The melodic "ooh . . . ooh . . . ooh" of the Fire-Bellied Toad may be heard on many ponds in the wetlands. After periods of high water, these animals may often be found on flooded fields and meadows.
Its call is unmistakeable. A small species, only seldom does the Fire-Bellied Toad grow to 50 mm. Pupils are heart-shaped. On its back are many small warts with small rounded spikes, giving it a somewhat rough texture to the touch. On both sides of the neck is an arch-shaped glandular formation. Back is often dark with large dark spots; greenish individuals are also possible. The darker spots are punctuated by white dots. It is the belly, however, which makes the Fire-Bellied Toad unique: against a blotchy base of grey to black are red spots (giving rise to the common German name for Bombina bombina, "Rotbauch-Unke", or "Red-Bellied Toad). Sometimes these spots may be more orange or yellowish in colour; this should however not lead to a mix up with the Yellow-Bellied Toad (Bombina variegata). A good way to correctly identify the Fire-Bellied Toad is by its thumb, which has a black underside up to the finger pad. In contrast, the Yellow-Bellied Toad's finger is yellow on the bottom.
Inhabits the lowlands of Eastern Europe. In Austria, northern and eastern Lower Austria as well as Burgenland. Common in the Danube wetlands east of Vienna.
Endangerment and Conservation Status
Like all amphibians, is endangered due to destruction of its habitat.
The male uses its call to mark its territory in a pond. Before it begins the call, the Fire-Bellied Toad first fills its lungs with air by moving its lower mouth. Inflated like a small balloon, it flattens its body on the water's surface and allows the air to move back and forth between lungs and vocal sac. Mouth and nostrils remain closed during the call. The small waves around the calling toad which are caused by this movement can be seen if observed closely. In lush weedy waters, where the waves are broken by vegetation, the territories are smaller; as a rule, 2-3 meters diameter is the norm for each male. It is astounding to see how quickly newly-formed waters or flooded fields are adopted as reproduction sites. Depending on the weather, mating season normally begins around the end of April and lasts until late summer. The male climbs on the female's back and grips her in front of her hind legs. Normally, certain phases with heightened reproductive activity can be identified throughout the year. The Fire-Bellied Toad lays its eggs in clumps with up to around 50 eggs. The eggs hatch into tadpoles within days, and these develop to metamorphosis within two to three months. Main sources of food include all types of insects and insect larvae; the mosquito makes up a considerable share of its diet – something humans should certainly appreciate!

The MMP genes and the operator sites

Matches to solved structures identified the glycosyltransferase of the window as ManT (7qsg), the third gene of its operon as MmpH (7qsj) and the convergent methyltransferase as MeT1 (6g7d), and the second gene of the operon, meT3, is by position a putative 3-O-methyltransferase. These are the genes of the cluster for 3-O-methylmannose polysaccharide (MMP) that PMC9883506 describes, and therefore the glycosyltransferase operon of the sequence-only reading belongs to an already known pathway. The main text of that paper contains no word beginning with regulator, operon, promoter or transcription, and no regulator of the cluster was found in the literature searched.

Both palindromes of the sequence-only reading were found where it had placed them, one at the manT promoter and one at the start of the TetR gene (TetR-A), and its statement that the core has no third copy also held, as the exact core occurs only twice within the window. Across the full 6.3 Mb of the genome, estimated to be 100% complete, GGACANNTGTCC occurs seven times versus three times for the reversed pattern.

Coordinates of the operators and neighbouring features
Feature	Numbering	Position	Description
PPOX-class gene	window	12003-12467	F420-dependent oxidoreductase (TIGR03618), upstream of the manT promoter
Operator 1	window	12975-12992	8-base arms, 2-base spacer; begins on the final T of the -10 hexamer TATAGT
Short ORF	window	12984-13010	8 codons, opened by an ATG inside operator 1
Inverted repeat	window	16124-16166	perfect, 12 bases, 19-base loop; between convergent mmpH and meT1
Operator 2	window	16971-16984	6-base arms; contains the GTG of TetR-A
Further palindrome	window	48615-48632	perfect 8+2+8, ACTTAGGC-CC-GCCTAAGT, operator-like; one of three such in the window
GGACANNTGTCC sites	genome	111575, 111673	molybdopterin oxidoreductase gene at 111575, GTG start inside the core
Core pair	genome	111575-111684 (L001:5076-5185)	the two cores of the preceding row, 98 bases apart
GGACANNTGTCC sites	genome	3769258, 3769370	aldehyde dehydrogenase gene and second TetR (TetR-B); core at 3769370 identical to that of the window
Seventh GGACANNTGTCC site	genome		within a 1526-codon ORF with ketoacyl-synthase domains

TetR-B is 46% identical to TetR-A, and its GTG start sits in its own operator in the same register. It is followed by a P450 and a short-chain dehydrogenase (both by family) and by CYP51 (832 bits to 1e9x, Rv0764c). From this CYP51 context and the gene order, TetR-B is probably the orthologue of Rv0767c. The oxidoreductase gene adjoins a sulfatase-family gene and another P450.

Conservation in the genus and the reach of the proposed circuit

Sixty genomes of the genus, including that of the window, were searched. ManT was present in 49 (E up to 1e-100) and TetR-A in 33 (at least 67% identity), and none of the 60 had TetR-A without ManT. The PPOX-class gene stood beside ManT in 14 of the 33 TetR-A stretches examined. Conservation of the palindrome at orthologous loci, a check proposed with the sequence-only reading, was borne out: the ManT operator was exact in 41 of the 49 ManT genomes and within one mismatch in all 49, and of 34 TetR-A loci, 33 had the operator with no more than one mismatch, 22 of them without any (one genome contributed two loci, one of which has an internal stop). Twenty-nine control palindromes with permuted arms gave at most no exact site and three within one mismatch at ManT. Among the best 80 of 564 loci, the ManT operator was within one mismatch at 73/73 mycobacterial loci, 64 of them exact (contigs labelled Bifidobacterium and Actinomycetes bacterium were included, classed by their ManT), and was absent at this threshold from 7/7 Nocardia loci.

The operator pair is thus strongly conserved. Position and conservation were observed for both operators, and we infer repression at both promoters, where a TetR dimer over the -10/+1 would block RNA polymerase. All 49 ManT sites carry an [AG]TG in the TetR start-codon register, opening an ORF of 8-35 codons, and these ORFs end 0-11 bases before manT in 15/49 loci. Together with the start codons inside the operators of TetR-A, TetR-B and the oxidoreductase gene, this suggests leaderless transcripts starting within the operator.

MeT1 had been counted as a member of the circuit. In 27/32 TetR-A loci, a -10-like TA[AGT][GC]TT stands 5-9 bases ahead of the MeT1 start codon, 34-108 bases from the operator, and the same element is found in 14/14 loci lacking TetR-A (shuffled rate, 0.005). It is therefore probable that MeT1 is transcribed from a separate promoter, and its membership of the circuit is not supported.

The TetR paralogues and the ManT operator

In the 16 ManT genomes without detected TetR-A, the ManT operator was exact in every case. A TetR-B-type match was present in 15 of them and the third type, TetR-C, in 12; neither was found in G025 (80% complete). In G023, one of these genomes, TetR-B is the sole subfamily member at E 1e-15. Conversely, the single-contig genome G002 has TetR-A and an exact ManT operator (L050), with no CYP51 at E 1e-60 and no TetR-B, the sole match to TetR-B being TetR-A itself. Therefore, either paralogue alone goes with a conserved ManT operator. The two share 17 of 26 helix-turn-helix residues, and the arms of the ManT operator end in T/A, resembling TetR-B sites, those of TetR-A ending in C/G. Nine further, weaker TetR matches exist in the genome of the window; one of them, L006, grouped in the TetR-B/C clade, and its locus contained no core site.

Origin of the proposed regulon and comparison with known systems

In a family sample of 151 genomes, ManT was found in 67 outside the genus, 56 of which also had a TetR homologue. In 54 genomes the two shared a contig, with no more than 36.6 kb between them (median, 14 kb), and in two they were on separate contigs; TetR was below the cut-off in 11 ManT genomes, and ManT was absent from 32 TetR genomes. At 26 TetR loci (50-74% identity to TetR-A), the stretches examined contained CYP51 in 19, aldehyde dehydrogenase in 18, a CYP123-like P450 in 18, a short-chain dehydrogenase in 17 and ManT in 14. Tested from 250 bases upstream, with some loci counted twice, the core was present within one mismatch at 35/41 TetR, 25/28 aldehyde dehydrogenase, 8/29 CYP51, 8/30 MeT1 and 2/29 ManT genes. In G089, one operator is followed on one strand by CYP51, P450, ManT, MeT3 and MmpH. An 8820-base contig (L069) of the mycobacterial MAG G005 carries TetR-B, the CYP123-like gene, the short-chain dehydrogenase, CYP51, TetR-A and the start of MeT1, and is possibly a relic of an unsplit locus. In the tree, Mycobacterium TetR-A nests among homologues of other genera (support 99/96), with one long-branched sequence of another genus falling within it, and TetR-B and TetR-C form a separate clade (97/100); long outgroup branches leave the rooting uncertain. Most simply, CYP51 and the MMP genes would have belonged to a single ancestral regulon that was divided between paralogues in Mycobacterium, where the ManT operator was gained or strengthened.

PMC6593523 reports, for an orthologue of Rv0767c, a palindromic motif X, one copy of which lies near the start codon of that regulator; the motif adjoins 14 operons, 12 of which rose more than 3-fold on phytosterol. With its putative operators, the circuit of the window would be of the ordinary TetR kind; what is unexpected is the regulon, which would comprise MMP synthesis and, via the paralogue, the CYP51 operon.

Where Fire-Bellied and Yellow-Bellied Toads come together, successful mating between the species may take place producing hybrids which exhibit characteristics of both species. As well, the frequency of the call will then lie between those of the two parental species. The ranges of the two species overlap in the Vienna area. Often cited in conjunction with the Fire-Bellied Toad is the so-called "unken reflex", a defensive posture in which this mischievous animal presents its stunningly-coloured underbelly: with an arched back, it raises its head and lower body parts, and stretches out its limbs to the side. It remains in this strange and stiff posture for a few seconds before darting off quickly. It has also been documented that toads throw themselves on their backs in order to present their bellies to attackers, but this, like so many amphibian stories, is a legend. Red-black and yellow-black colour combinations are utilized as warning signals by many poisonous animals (wasps, Fire Salamanders etc.), and the normally inconspicuous toads are no exception: they have skin glands which secrete poison. This secretion is only harmful to humans if it gets into the eyes or other mucous membranes.